Opening night nears | FTC to present ‘Smoke on the Mountain’

Published 8:02 am Sunday, July 22, 2012

Opening night is fast approaching for the Franklinton Community Theatre’s dinner theater production of the musical comedy “Smoke on the Mountain.”

The show will be presented Friday, July 27 and Saturday, July 28 and Friday, Aug. 3 and Saturday, Aug. 4 at the 10-10 Club in Franklinton, where the stage has been transformed, under the guidance of construction engineer Daniel Bosch, to look like the inside of a church.

Set in the late 1930s, the plot of “Smoke on the Mountain” centers around a small Baptist church in North Carolina and its pastor, Mervin Oglethorpe, who gets the Sanders family — all bluegrass gospel musicians — back together to sing, play music and tell the congregation about their lives, Franklinton Community Theatre President Rod Sabiston said.

“It’s based around music and comedy and testimonies,” he said.

The play also features an “Amen Corner” consisting of two ladies who are major financial contributors to the church and sit nearby to make sure the music doesn’t get too rowdy and a Bluegrass Billies band that includes musicians playing the mandolin, banjo, guitar, harmonica, keyboard and stand-up bass, Sabiston said.

An on-stage veteran of productions by the Franklinton Community Theatre and other groups, Heath McNeese is directing “Smoke on the Mountain.”

“He’s a great piano player,” Sabiston said. “He’s a great singer and he’s a great actor.”

Much of McNeese’s cast is new to the theater, and he’s new to directing in the FCT.

“This is actually the first show I’ve directed with the theater, and what’s really exciting is we have some people that have never been on stage before and it’s been incredible watching them actually take these characters and make them their own,” he said.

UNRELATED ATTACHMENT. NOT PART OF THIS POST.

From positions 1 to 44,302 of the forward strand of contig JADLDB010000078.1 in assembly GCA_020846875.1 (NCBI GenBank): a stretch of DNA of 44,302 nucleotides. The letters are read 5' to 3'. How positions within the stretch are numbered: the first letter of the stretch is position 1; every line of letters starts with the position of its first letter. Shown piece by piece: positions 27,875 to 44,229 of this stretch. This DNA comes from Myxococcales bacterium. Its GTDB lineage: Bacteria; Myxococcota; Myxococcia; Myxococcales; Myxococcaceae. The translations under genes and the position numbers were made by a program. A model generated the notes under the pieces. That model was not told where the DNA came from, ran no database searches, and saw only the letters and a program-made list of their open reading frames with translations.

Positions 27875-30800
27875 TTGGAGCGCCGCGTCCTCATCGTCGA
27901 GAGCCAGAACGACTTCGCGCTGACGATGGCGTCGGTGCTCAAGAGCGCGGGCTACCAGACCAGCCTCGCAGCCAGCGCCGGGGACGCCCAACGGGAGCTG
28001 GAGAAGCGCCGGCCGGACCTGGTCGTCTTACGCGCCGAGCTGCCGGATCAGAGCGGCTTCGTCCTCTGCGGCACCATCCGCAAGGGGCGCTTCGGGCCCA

The cast has grown a great deal over the course of the rehearsals, McNeese said.

“It’s amazing to think about the journey that we’ve taken from getting scripts in our hands to actually having everything together right now,” he said.

Working with McNeese as assistant director is his mother, Debbie McNeese.

“To be able to do this with him is just an honor,” she said.

The rehearsals can be scary for the actors and actresses at the beginning, but the cast members are “doing just wonderful” with their roles, Debbie McNeese said.

“(At first) nobody knows anybody and then they start reading lines, and they get to know each other a little bit,” she said. “And then all of a sudden, the director can kind of sit back and they can take over, because then they become their character and they say ‘Can I do this,’ ‘Can I do this?’ You just kind of let them create their own character.”

All funny in their roles, the cast members have “incredible voices” and “incredible ideas,” Heath McNeese said.

“I couldn’t have chosen a better group of people,” he said. “Their energy is amazing. They are having so much fun playing off of each other.”

This is Debbie McNeese’s first experience directing a production on a scale as large as “Smoke on the Mountain,” she said. And she had a different role in the last community theater production: playing Sister Amnesia in “Nunsense.”